# Proving $1+\sqrt2+\sqrt3$ is irrational [duplicate]

How can I prove that $$1+\sqrt2+\sqrt3$$ is an irrational number, without proving first $$\sqrt2$$ and $$\sqrt3$$ are irrational numbers?

Please give some hints or suggestion to proceed with this proof. Thanks in advance.

## marked as duplicate by Lord Shark the Unknown, Dbchatto67, Peter Foreman, Dietrich Burde, Bill Dubuque elementary-number-theory StackExchange.ready(function() { if (StackExchange.options.isMobile) return; $('.dupe-hammer-message-hover:not(.hover-bound)').each(function() { var$hover = $(this).addClass('hover-bound'),$msg = $hover.siblings('.dupe-hammer-message');$hover.hover( function() { $hover.showInfoMessage('', { messageElement:$msg.clone().show(), transient: false, position: { my: 'bottom left', at: 'top center', offsetTop: -7 }, dismissable: false, relativeToBody: true }); }, function() { StackExchange.helpers.removeMessages(); } ); }); }); Apr 21 at 18:47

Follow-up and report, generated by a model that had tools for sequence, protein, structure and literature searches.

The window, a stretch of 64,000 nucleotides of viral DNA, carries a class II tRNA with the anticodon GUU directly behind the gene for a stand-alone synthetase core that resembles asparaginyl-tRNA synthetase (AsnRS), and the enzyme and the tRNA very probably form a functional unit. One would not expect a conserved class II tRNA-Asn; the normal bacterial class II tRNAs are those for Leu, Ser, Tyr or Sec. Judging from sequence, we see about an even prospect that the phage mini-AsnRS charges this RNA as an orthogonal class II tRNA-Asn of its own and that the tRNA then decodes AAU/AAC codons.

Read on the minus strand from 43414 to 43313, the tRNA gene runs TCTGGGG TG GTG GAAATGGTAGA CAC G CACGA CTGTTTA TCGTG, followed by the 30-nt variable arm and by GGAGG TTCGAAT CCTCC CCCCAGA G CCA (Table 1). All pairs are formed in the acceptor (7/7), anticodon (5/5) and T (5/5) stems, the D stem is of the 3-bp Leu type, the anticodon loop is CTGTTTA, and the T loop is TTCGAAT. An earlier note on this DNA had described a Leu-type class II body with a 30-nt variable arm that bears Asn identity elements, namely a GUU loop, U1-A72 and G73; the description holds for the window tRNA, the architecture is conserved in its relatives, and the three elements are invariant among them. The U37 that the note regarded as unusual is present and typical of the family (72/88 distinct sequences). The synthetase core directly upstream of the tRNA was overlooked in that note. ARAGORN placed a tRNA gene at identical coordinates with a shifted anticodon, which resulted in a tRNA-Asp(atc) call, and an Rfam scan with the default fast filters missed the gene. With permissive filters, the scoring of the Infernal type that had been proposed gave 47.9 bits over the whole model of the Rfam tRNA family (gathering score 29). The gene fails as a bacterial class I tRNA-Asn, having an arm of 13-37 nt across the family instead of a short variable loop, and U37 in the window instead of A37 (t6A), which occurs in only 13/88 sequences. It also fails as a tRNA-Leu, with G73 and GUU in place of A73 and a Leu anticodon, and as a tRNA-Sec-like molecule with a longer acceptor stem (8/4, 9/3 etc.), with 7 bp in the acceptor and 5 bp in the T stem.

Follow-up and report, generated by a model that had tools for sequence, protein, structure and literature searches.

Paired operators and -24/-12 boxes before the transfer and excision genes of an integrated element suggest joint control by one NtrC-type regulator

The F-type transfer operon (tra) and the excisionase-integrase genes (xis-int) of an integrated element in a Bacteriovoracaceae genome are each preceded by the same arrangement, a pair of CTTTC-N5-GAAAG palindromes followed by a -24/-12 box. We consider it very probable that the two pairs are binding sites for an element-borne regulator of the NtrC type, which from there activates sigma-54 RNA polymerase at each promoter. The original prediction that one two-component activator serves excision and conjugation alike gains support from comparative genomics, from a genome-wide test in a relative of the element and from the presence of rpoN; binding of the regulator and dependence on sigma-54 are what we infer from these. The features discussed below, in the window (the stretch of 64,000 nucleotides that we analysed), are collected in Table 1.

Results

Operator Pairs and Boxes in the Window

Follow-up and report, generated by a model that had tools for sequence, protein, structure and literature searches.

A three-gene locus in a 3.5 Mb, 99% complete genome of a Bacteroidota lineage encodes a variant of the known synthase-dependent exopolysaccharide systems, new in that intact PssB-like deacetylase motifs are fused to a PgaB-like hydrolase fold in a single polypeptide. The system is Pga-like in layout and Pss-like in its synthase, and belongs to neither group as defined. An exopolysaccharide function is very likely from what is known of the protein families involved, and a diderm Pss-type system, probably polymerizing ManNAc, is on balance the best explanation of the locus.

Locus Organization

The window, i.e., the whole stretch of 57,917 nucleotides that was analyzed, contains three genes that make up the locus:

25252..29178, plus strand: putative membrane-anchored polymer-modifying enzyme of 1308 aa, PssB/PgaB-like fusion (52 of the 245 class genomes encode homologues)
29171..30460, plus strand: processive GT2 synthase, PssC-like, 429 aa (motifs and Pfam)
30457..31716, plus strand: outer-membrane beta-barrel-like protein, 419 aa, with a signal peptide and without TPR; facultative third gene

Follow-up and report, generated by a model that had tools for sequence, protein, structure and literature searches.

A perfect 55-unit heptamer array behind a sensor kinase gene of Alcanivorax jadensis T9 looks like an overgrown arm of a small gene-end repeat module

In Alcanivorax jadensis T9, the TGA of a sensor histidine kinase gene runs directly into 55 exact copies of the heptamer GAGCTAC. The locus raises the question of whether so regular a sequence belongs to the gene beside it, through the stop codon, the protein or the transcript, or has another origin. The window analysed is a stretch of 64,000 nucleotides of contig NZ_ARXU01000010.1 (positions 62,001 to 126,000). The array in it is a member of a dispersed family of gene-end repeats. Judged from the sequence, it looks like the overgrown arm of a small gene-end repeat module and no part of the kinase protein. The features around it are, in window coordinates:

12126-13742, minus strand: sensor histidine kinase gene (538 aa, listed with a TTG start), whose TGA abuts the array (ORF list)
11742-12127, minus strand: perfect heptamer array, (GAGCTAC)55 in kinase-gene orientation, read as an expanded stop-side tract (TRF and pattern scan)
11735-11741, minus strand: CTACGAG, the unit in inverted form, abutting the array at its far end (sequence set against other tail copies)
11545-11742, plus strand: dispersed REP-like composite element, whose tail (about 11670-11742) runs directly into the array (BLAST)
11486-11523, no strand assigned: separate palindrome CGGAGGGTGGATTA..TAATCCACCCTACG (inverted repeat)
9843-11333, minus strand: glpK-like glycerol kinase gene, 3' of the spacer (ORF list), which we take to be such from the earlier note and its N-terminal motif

• Well, as a first step, it's sufficient to show $\sqrt{2}+\sqrt{3}$ is irrational! – Cheerful Parsnip Apr 21 at 17:45
Another way, is to prove first that $$\sqrt{6}$$ is irrational. Then you can proceed by contradiction. Assume that $$\ 1 + \sqrt{2} + \sqrt{3}$$ is rational, then the square of this number is rational, and it has the value: $$4+2(1+ \sqrt{2} + \sqrt{3}) + 2\sqrt{6}$$. But the first 2 terms are rational numbers by assumption. Hence $$\sqrt{6}$$ is rational.
Hint #1: $$1+\sqrt2+\sqrt3$$ is irrational if and only if $$\sqrt2+\sqrt3$$ is irrational.
Hint #2: If $$\sqrt2+\sqrt3$$ was rational, then its square would be rational too.